Reaction to the Supreme Court striking down the Defense of Marriage Act was greeted with jubilation in Sacramento and San Francisco by gay men, lesbians and their supporters.
The mood in San Francisco outside of City Hall and in midtown Sacramento was quietly hopeful before the Supreme Court's Prop. 8 decision was handed down this morning.
Within days, the Supreme Court is expected to issue a series of decisions that could transform three fundamental social institutions: marriage, education and voting.
Same-sex marriage advocates plan a slate of activities in Sacramento to coincide with the U.S. Supreme Court's upcoming ruling on the constitutionality of Proposition 8, California's voter-approved ban on same-sex marriage.
As Justice Lewis Powell was struggling with how to cast the decisive vote in a 1986 Supreme Court case that would end up devastating the gay rights movement, he told his fellow justices that he had never met a homosexual.
I don't think we've paused sufficiently to celebrate the wonderful recent defeat for the cause of personal freedom. After all, these sorts of defeats don't happen every day.
Why did the Supreme Court agree in December to hear a major same-sex marriage case and then seem to think it had made a terrible mistake Tuesday when it came time for arguments?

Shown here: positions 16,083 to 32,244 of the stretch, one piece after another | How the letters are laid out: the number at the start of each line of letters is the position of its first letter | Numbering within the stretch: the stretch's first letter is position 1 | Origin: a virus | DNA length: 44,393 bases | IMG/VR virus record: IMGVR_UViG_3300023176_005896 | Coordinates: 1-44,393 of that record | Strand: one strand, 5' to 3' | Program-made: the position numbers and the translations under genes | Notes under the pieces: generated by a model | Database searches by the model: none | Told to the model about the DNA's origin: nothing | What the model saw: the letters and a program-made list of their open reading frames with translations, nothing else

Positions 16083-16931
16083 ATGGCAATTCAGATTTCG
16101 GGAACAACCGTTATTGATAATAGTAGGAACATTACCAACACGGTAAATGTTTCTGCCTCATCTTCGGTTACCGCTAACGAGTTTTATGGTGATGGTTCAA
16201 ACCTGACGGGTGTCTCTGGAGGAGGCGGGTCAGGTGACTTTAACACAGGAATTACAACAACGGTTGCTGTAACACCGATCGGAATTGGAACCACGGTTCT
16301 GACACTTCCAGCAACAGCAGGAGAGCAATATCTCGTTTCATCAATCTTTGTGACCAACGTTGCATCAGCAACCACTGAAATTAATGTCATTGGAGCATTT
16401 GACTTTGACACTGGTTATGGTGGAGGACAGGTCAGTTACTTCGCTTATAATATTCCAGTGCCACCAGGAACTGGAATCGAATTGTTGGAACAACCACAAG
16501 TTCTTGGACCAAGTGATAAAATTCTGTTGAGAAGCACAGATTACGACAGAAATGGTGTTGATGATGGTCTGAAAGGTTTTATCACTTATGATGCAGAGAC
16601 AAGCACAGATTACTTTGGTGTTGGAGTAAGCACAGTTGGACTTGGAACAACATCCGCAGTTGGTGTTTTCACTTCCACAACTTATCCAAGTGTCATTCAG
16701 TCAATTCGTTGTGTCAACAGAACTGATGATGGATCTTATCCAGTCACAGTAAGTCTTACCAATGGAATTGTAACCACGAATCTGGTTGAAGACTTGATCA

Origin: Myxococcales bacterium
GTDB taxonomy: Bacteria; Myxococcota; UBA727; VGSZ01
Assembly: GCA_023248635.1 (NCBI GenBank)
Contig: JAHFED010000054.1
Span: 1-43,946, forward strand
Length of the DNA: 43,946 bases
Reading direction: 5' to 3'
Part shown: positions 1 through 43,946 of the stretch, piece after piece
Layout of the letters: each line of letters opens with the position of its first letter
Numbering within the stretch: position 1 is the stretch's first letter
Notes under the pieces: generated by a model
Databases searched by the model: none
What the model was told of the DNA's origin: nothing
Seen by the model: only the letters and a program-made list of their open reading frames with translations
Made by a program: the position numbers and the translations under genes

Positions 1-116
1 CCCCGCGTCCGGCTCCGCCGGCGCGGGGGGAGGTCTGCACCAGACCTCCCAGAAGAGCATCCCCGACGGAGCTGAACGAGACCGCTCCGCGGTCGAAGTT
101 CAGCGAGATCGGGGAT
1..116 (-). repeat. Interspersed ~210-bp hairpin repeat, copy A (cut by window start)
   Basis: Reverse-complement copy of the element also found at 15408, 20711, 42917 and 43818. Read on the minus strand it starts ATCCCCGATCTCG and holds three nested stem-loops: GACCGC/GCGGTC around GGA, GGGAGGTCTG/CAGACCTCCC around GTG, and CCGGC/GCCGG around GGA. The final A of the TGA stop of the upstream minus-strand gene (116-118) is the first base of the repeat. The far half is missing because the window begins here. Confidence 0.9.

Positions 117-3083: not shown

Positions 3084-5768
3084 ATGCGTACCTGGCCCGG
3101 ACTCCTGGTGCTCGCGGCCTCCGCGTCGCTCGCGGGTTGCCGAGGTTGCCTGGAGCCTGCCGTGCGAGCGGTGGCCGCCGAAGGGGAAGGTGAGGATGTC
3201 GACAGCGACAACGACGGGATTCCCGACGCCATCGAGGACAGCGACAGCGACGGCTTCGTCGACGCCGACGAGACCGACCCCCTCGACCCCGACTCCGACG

As the Supreme Court justices struggled with the question of same-sex marriage this week, politicians in Congress kept handing down their own verdict. One after another, a series of lawmakers in recent days endorsed allowing gay men and lesbians to wed.
The United States Supreme Court on Wednesday morning heard oral arguments in the case of United States v. Windsor, confronting the federal Defense of Marriage Act (DOMA), which prevents legally married gay couples from receiving a range of federal benefits that go to married people. Here is where you can listen to audio of the oral arguments and also read the complete transcript.
The United States Supreme Court on Tuesday morning heard oral arguments in the case of Hollingsworth v. Perry, confronting Proposition 8, California's ban on gay marriage. Here is where you can listen to audio of the oral arguments and also read the complete transcript.
The U.S. Supreme Court on Tuesday and Wednesday will confront two distinct gay marriage cases, which together pose some very sensitive questions. Here's a rundown.
The U.S. Supreme Court on Tuesday and Wednesday will confront two distinct gay marriage cases, which together pose some very sensitive questions. Here’s a rundown.